J. J. Smith, who succeeded T. L. M. Spencer, consolidated the groups and made the Mount Grace church the home of both of the groups that met at Spencer’s and Braes’ homes. There were also quarterly gatherings that included believers from Glamorgan and Mount. St. George. This group of early believers included the first Sabbath-keeping Adventist in the island, Cecilia Taylor of Moriah, who accepted the message after reading The Coming King, which she bought from a colporteur in 1902.21 Other brethren included Charlie Brathwaite, Samuel Henry, Leopold Johnson, Frederick and Laura Lewis, Bosie McLeod, Cyril Mills, and Durinda Wilson.22

As work continued in Glamorgan, J. J. Smith held evangelistic meetings on the property of John Roberts, Sr., and believers continued to meet at the home of John Grandison who had four sons: Matthew, Mark, Luke and John.23 Two of his sons, who had Cocrico birds as pets, decided to sell their pets and use the proceeds to purchase cement to begin construction of the Glamorgan church.24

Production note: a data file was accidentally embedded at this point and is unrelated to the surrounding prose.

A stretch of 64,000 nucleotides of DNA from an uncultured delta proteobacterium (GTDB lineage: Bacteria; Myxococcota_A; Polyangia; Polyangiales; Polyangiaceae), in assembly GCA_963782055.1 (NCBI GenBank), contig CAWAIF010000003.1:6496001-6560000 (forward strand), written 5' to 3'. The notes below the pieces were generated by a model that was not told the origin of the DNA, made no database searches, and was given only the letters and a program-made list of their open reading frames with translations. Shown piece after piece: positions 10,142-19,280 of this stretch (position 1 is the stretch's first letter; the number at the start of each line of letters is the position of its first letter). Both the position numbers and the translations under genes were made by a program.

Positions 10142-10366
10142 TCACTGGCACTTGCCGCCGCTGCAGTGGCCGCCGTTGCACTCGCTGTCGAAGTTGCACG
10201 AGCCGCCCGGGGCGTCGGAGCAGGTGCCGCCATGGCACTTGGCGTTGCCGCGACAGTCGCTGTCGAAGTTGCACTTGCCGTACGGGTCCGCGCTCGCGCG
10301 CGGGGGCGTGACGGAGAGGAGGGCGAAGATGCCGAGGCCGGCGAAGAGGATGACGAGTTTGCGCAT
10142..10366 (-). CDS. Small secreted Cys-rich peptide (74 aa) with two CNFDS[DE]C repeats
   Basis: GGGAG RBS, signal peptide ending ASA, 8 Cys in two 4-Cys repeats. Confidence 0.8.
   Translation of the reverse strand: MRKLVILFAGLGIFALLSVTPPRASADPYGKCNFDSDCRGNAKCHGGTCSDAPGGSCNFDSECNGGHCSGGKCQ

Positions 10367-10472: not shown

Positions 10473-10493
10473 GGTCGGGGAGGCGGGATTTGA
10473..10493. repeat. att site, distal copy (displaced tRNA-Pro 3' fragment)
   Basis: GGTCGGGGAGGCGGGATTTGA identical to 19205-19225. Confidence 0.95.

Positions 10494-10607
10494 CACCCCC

Shortly thereafter, the Glamorgan church was organized with fifteen members on August 16, 1913.25 Three years later, in January 1916, John Roberts, a teacher, started the Glamorgan church school with forty-five students.

The literature evangelism work also moved forward on the island. In 1914, E. J. Mortley, leader of the Glamorgan church, was successful with the sale of seventy copies of the Watchman (a paper printed by the conference in early 1900s) in one day. 26

During this era, ministers from Trinidad visited the islands and held evangelistic meetings. In 1920, W. S. Holbrook, minister and president of the South Caribbean Conference27 held one week of meetings and baptized eight people at Glamorgan, then went on to Roxborough and held meetings, which approximately 200 persons attended. He moved on to Mount Grace, held one week of meetings, and baptized another eight people there. This was followed by two nights of meetings at Mason Hall, which 200 people attended.28